For Foreign Investors: What You Should Know Before You Start a Business in the Philippines

As a foreigner with loads of cash to invest, you want to expand your business to other countries.  You should consider the Philippine as a priority.  Why not?  A lot of people have high expectations from this country, whether locals or foreigners. With a president who has an anti-corruption advocacy, an English speaking workforce, and relatively positive ratings from financial institutions, it is definitely worth considering.  But before you get excited, here some business practices you should be aware about and prepare for in order to not be disappointed.

foreigner starting a business in the philippines

Ownership


          The constitution only allows 40 percent ownership for foreigners when it comes to businesses and properties.  There are calls for this provision to be amended but it has not gained full support from lawmakers yet.  So what do you do? The most logical action is to engage partnership with local businessmen.  At the extreme side of the equation, marry a Filipina or a Filipino so you can acquire business and properties using your spouse’s name.

Fixers and Tippers


          Most local businessmen complain that getting a business license is really difficult. There are several requirements that you have to submit and it will take months to facilitate up to the final processing.  Most of all, long lines await you when completing every business license process steps. Thus, most government agencies have fixers lurking around and offering to help you process your business licenses easily in exchange for a bride.  There are stories that most fixers are really in it for your money in exchange for the convenience of not having to tow long lines with every step of processing.  In addition, government employees involved with the processing would also ask for tips if you want your papers to be done.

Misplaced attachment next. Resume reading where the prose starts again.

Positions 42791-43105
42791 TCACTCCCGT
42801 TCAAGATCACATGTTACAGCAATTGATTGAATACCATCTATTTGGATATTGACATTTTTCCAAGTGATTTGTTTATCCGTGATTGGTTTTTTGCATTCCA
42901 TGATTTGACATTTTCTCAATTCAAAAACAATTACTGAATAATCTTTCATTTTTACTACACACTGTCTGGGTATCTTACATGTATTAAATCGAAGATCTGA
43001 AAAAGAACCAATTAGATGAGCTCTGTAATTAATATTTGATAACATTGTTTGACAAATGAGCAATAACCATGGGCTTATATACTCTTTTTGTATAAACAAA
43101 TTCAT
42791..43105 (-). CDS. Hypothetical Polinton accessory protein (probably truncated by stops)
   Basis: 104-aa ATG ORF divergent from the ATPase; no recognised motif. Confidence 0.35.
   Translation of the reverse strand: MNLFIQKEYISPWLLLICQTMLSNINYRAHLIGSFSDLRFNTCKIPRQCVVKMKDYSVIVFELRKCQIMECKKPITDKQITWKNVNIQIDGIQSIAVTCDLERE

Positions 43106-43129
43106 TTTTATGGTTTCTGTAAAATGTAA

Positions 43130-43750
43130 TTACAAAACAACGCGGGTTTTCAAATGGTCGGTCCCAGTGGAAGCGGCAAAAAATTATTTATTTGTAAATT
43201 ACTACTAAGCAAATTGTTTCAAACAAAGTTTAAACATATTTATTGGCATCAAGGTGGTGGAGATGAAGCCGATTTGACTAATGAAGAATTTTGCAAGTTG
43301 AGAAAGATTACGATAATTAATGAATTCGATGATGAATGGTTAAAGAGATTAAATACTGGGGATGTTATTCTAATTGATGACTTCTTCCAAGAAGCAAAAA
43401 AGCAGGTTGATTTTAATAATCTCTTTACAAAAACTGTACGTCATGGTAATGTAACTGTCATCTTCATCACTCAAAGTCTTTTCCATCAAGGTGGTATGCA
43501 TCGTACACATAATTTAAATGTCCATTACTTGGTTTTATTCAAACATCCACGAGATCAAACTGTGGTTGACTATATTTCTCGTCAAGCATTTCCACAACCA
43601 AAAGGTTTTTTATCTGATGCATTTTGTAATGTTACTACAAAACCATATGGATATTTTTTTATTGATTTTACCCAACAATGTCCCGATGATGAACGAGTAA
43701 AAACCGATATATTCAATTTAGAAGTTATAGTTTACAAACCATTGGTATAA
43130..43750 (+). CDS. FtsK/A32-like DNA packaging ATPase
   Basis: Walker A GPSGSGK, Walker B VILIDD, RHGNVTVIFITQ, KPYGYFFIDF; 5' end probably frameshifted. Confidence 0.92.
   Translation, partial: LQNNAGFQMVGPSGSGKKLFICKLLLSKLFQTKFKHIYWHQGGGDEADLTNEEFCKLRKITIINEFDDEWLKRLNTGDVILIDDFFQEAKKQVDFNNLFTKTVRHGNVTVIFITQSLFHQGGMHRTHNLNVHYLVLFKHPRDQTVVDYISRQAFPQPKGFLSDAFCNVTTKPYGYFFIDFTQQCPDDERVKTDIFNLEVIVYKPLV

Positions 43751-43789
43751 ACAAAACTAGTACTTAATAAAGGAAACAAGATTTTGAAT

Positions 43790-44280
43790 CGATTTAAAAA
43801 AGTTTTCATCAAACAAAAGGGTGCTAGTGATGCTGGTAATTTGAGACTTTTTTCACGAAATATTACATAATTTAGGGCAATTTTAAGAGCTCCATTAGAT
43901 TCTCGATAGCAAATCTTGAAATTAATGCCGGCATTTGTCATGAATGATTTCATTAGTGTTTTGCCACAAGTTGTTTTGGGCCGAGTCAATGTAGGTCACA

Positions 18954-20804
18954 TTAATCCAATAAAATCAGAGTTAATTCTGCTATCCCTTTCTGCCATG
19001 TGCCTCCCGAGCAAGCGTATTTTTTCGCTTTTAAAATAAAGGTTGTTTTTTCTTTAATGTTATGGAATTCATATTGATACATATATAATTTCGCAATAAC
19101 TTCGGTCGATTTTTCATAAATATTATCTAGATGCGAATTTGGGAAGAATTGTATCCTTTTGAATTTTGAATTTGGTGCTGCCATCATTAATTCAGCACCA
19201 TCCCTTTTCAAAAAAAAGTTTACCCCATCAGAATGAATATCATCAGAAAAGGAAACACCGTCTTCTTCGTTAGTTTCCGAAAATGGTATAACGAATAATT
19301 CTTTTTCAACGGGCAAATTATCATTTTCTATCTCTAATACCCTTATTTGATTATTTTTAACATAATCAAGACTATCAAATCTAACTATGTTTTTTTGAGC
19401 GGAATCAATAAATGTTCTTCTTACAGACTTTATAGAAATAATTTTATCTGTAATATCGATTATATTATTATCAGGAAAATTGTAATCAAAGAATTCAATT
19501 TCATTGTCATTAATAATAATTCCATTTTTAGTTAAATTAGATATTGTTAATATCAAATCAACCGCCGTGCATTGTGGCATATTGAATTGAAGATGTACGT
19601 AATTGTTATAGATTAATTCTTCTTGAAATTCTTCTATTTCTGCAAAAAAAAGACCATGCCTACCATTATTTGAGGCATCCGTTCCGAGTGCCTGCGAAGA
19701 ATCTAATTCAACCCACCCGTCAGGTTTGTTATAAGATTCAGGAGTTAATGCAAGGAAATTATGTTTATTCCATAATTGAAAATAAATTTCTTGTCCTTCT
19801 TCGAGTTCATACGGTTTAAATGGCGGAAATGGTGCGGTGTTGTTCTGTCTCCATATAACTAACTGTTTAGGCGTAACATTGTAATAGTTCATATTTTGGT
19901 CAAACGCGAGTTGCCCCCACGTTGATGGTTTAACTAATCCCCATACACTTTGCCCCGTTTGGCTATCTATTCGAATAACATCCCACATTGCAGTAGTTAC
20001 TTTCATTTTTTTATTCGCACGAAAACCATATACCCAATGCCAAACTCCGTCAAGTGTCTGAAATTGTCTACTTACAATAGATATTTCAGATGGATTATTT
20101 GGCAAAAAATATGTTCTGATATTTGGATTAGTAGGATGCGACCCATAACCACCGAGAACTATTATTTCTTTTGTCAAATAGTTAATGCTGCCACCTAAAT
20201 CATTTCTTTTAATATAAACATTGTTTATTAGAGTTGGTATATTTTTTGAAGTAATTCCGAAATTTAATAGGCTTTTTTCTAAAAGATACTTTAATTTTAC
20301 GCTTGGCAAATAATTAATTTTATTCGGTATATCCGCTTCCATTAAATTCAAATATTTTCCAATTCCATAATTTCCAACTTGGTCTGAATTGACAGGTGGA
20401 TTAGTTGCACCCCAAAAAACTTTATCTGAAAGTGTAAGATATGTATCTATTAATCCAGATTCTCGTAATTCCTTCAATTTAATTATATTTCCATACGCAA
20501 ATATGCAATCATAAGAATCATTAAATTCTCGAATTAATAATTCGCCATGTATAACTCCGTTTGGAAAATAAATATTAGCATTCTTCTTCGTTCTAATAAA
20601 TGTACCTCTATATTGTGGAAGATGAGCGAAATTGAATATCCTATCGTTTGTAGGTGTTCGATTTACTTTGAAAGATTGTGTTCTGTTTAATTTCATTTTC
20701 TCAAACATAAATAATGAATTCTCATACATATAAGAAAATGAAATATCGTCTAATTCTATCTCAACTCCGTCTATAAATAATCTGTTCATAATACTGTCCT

Holidays


          These are a major headache among businessmen in the Philippines.  There at least 20 legal holidays in the Philippines and each province have their own local holidays by virtue of festivals and traditions.  The previous president even circumvented laws and move legal holidays to a working day if it falls on a rest day like Saturday or Sunday. In all of these holidays, employees are paid. 

Photo taken from Yahoo Image
So if your business operations require your staff and workers to report during these holidays, expect to pay overtime fees.  As one businessman puts it, the headache is even bigger if you factor the days employees are absent with sick leave pay and on vacation leave. 


Unionism


          If your business is labor intensive, this is another major problem.  Union organizations are known to be left leaning and are perceived to be unreasonable with their demands on collective bargaining agreements.  A lot of multinational corporations have shut down their operations and moved to other countries because of the not-so-friendly attitudes of union leaders towards multinational companies or foreign controlled companies.  Every year during Labor Day (May 1), union organizations are never ashamed to parade their demands such as wage increase for example. 

          Every country has its own quirkiness when it comes to owning and doing business.  It is really important that you know these and work your way out from there in order to be successful.  It is interesting to note that while there are businesses which close, this does not discourage other companies from establishing their own branch and satellite operations in the Philippines. 

A more detailed guide for expats planning to start a business in the Philippines is available through this post from EnterPh. 


Contributed by Alden I. Bula who maintains two blogs: www.aldenbula.wordpress.com and www.denal.wordpress.com.
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